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Source : Flickr
February 3, 2022
Author : Patty Rodriguez
SBA Administrator Isabella Guzman announced $1.5 million for Women’s Business Centers to help train entrepreneurs ahead of the release of funds through the Bipartisan Infrastructure Law. The funds are meant to help businesses compete “in the burgeoning industries solving climate change and to grow clean-energy supply chains that will help expand global exporting.”
Historically Black Universities, Hispanic Service Institutions, Tribal Colleges and Universities, Native Hawaiian Serving Institutions and Alaska Native Serving Institutions are eligible for the grants.
Grants will be available for up to ten institutions in total to help them provide “entrepreneurial development” to aspiring women business owners, emphasizing socially and economically disadvantaged ones that don’t live or work in areas that are served by currently existing Women’s Business Centers.
“Our efforts to help establish more Women’s Business Centers at Minority Serving Institutions across America will not only deliver on the Biden-Harris administration’s priority to invest in equity but also will help more women entrepreneurs—one of the most energetic, innovative and fastest-growing segments of our small business economy—drive America’s strong recovery and Build a Better America,” Administrator Guzman said in a press release on Wednesday.
“Our Women’s Business Centers provide vital support, connecting women entrepreneurs with many of the SBA’s most valuable resources including access to capital, professional networks, skills training for business growth and resilience, and much more,” she added. “My hope is that leaders of every qualifying institution will seize this opportunity to establish a Women’s Business Center and start building bridges to opportunity for our nation’s women business owners.”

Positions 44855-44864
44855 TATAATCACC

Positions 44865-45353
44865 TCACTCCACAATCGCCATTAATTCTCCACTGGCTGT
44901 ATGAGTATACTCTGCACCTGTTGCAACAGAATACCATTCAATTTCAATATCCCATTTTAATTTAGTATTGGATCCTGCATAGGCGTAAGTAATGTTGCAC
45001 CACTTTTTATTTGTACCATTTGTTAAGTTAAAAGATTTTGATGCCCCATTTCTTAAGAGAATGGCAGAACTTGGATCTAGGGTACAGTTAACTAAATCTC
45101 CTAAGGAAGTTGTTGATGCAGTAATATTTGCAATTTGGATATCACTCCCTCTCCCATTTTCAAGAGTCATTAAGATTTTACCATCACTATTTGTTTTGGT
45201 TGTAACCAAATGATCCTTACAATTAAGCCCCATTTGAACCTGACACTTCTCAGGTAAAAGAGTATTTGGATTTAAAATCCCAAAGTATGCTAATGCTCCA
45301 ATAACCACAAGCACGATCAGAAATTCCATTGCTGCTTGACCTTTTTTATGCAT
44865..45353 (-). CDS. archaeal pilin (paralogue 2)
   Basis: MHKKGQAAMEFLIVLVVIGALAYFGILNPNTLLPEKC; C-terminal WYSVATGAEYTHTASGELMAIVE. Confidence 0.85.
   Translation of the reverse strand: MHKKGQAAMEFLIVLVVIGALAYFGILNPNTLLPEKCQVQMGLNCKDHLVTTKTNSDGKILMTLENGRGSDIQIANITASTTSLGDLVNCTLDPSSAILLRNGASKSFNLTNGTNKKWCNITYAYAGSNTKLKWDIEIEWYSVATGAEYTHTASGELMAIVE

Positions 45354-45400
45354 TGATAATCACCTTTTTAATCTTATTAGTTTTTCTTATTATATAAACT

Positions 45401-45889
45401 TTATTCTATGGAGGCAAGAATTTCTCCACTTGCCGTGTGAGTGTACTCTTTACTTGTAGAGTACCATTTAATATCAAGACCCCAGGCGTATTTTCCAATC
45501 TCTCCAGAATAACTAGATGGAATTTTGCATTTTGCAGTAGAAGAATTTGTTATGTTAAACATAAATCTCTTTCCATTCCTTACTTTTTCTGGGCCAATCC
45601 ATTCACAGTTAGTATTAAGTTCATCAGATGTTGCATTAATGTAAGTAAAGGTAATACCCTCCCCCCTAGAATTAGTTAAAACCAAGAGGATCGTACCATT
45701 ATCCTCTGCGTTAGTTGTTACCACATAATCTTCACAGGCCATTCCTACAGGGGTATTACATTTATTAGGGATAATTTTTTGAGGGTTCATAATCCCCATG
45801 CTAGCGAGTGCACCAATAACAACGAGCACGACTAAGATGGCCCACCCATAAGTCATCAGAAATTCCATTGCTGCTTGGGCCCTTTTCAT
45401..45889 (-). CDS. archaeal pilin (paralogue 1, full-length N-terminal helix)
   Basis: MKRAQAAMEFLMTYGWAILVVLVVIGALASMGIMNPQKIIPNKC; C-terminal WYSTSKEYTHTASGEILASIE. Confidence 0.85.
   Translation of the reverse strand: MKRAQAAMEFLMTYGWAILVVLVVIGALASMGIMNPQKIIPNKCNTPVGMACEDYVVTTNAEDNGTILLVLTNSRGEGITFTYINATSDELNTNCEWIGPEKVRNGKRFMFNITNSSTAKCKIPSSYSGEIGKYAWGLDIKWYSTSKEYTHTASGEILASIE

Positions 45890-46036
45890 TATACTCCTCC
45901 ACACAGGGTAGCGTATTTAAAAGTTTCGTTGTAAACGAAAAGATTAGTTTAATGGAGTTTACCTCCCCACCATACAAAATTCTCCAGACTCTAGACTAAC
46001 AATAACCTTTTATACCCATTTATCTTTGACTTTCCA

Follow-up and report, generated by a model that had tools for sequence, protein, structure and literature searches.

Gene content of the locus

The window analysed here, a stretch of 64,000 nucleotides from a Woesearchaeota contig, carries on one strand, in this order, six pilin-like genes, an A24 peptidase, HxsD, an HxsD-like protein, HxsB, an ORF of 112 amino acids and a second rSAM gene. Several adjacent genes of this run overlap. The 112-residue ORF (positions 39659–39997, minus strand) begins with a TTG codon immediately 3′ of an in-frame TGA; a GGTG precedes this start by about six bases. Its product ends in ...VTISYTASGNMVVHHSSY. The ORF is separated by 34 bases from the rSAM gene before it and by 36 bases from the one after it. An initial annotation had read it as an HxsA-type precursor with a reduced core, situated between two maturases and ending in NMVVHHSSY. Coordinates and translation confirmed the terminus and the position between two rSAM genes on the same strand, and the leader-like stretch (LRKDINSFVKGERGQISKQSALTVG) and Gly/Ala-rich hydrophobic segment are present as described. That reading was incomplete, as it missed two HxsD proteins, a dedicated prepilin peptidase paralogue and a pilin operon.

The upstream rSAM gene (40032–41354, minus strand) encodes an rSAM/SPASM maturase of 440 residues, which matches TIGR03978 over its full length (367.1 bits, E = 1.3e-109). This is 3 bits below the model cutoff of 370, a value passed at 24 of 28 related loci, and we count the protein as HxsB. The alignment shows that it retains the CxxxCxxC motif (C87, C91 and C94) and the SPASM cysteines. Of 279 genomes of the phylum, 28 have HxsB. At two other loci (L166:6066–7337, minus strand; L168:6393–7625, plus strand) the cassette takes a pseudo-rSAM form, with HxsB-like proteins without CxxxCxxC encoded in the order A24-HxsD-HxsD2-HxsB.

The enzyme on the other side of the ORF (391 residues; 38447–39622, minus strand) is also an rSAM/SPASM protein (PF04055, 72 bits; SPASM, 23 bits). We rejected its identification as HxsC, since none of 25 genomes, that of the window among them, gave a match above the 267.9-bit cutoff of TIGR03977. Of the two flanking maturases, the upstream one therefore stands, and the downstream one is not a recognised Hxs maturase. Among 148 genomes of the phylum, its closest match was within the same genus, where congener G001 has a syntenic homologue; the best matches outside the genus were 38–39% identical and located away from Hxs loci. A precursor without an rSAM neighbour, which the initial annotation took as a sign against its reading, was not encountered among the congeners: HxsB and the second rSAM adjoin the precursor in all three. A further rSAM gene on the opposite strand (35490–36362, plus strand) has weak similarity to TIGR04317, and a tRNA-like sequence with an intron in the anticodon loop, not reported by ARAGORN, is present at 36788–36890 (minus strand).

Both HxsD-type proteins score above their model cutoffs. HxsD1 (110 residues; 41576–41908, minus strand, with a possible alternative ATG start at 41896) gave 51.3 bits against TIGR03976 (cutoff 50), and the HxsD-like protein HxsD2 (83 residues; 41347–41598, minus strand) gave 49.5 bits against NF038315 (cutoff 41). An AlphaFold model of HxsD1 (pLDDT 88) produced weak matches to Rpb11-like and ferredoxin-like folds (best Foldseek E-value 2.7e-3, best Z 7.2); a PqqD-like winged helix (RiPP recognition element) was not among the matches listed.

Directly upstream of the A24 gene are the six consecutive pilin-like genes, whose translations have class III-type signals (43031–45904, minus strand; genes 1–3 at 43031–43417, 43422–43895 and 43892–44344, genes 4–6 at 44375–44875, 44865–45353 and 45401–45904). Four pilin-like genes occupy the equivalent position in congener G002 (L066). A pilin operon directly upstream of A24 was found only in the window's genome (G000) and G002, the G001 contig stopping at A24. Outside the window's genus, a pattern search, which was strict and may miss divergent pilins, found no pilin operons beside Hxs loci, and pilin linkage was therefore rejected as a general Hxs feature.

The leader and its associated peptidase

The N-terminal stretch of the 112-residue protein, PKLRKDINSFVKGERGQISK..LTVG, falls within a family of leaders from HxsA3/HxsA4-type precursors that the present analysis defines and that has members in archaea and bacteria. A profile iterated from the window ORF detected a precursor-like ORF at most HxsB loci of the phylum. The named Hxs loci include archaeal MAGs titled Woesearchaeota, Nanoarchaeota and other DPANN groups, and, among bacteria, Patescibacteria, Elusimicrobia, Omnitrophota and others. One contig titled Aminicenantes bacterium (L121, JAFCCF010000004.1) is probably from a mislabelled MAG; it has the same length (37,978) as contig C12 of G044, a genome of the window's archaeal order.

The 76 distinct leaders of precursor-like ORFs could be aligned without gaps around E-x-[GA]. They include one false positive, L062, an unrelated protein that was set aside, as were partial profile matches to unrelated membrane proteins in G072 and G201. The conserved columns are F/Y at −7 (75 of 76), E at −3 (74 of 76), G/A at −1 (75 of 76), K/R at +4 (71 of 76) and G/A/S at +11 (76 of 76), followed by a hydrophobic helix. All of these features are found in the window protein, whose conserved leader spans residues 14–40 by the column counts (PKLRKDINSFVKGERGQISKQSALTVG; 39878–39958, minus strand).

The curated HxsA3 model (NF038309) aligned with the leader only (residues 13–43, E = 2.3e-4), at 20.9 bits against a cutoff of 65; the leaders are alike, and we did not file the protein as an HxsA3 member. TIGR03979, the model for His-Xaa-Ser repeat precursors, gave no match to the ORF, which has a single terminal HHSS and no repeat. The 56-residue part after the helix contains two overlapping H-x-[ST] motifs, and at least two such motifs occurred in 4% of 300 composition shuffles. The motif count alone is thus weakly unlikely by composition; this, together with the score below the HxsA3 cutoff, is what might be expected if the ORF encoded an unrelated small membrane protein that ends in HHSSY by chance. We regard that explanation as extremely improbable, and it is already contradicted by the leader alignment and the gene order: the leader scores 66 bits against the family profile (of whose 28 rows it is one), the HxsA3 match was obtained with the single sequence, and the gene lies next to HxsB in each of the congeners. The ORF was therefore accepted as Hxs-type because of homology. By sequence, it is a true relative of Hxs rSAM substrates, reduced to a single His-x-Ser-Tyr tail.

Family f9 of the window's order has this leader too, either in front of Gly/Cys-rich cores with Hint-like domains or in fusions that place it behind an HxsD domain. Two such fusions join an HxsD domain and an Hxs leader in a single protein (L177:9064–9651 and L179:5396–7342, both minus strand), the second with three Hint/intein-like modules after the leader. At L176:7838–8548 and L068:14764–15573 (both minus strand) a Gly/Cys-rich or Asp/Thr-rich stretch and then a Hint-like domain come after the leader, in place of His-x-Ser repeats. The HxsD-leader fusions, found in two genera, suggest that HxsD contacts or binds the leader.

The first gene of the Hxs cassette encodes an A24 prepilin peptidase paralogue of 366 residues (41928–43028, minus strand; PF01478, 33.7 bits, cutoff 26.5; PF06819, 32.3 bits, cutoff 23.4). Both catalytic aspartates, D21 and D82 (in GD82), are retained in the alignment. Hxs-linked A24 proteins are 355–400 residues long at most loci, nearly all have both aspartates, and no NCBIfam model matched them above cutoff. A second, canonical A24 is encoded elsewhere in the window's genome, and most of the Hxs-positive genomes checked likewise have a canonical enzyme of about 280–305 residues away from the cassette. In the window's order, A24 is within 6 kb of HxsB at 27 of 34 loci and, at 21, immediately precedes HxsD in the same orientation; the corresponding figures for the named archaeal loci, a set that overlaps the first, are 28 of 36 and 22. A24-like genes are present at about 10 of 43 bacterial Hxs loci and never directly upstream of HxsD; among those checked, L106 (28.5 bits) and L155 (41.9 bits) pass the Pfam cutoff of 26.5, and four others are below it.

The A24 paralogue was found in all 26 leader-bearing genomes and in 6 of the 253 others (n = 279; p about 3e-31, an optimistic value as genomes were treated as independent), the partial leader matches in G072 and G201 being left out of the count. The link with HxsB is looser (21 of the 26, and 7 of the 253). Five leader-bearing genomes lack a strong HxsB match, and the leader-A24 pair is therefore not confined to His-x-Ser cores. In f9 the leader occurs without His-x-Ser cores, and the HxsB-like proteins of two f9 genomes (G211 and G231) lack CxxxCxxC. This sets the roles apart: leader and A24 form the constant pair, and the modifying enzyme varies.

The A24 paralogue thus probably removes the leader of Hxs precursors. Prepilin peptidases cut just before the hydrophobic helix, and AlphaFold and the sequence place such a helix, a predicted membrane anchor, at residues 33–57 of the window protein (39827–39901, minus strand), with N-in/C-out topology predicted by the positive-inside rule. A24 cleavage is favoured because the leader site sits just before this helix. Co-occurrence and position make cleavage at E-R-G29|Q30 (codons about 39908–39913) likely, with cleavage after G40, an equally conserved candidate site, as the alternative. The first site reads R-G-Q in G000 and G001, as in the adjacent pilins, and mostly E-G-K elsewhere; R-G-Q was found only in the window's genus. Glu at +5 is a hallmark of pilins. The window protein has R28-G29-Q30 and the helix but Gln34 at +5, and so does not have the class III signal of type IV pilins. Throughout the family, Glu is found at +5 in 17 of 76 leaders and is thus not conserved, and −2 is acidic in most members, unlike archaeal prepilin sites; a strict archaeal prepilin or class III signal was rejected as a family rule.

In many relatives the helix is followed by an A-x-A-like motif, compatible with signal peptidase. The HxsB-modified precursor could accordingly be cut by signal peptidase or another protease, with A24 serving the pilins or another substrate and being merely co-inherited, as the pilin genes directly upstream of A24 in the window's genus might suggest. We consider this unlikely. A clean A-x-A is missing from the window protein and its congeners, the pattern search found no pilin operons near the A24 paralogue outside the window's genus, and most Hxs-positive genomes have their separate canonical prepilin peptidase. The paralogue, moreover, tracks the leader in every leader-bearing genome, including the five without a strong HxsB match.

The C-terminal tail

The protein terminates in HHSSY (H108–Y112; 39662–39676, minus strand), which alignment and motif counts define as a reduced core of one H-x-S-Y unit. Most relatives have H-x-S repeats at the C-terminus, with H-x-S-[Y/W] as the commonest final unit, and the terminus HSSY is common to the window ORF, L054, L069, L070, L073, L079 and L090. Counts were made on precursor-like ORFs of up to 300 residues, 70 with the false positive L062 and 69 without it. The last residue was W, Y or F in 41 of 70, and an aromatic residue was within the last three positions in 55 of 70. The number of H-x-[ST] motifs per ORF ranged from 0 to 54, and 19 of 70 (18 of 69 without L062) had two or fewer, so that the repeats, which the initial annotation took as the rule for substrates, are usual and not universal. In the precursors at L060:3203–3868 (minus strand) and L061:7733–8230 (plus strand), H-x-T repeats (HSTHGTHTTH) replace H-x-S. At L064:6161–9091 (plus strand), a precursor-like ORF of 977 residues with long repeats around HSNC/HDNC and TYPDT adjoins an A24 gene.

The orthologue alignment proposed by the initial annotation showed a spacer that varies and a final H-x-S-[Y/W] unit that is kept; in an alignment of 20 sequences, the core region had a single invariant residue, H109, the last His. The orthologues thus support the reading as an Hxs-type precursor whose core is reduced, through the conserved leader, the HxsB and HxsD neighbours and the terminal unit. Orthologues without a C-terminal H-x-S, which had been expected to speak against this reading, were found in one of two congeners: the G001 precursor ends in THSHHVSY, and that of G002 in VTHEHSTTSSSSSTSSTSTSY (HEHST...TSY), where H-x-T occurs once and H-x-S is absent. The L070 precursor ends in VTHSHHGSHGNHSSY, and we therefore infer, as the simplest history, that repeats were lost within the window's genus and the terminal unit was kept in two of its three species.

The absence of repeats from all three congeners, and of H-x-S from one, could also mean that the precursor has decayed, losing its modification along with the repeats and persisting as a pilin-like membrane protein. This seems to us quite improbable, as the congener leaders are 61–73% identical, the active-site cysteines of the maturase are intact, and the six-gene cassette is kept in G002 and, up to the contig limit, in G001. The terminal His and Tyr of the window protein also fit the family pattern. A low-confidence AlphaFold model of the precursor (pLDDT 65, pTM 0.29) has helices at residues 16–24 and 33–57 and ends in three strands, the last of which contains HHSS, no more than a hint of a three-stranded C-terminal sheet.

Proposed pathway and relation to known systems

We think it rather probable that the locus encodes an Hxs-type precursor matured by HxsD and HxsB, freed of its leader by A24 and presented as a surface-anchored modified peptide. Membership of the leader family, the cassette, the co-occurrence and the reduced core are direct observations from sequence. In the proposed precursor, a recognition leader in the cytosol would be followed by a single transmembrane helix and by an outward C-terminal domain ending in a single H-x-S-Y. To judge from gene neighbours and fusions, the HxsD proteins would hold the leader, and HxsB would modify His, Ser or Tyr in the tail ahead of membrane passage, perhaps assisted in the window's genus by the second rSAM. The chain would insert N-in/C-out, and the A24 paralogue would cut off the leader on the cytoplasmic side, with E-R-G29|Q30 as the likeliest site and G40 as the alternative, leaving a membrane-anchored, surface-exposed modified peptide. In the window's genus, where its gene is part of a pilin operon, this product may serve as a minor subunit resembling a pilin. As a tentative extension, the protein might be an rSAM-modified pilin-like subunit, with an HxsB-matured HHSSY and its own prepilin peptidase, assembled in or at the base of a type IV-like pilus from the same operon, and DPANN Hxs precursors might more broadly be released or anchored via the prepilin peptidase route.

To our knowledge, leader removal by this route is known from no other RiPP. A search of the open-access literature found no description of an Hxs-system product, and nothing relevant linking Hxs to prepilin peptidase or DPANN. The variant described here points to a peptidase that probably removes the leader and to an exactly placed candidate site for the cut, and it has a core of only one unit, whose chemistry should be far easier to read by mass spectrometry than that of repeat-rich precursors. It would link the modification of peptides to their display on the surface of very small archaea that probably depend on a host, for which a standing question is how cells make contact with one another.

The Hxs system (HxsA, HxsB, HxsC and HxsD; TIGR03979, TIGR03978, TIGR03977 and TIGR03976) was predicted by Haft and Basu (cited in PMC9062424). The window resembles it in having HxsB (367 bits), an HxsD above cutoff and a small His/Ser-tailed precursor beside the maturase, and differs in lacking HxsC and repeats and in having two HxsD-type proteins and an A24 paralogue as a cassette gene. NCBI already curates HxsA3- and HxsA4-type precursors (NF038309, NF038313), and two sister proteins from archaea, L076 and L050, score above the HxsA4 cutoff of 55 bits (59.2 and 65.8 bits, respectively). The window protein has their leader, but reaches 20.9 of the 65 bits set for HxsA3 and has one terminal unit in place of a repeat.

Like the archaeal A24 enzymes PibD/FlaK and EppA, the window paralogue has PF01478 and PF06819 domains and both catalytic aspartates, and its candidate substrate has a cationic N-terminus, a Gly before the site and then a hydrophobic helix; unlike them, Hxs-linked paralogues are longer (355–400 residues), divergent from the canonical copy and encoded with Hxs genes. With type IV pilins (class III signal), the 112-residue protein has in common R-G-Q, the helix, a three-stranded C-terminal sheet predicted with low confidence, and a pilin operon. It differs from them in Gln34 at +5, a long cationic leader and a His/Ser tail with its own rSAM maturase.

In addition to the new grant money, the Los Angeles Urban League announced last week a new partnership through the National Urban League with the SBA to provide technical assistance and resources to businesses. The National organization will serve as the hub of the program with its 25 local affiliates providing the direct assistance.
The partnership is aimed at helping underserved small businesses, especially minority- and women-owned small businesses, recover from the effects of the coronavirus pandemic.
“Recovery services will include financial assistance, access to capital, business-to-business networking, contracting and procurement assistance, marketing, operations, business development, and industry-specific training,” according to the press release.
The organization notes that in 2020, Black business ownership rates declined more than 40 percent — the largest decline of any racial group in the United States.
Photo via Flickr.
Category : Disadvantaged Business Enterprises Minority Business Enterprises Minority Women Business Enterprises Tribally Designated Entity Women Business Enterprises Coronavirus Pandemic Diversity Outreach Entrepreneurialism Federal Government Small Business Administration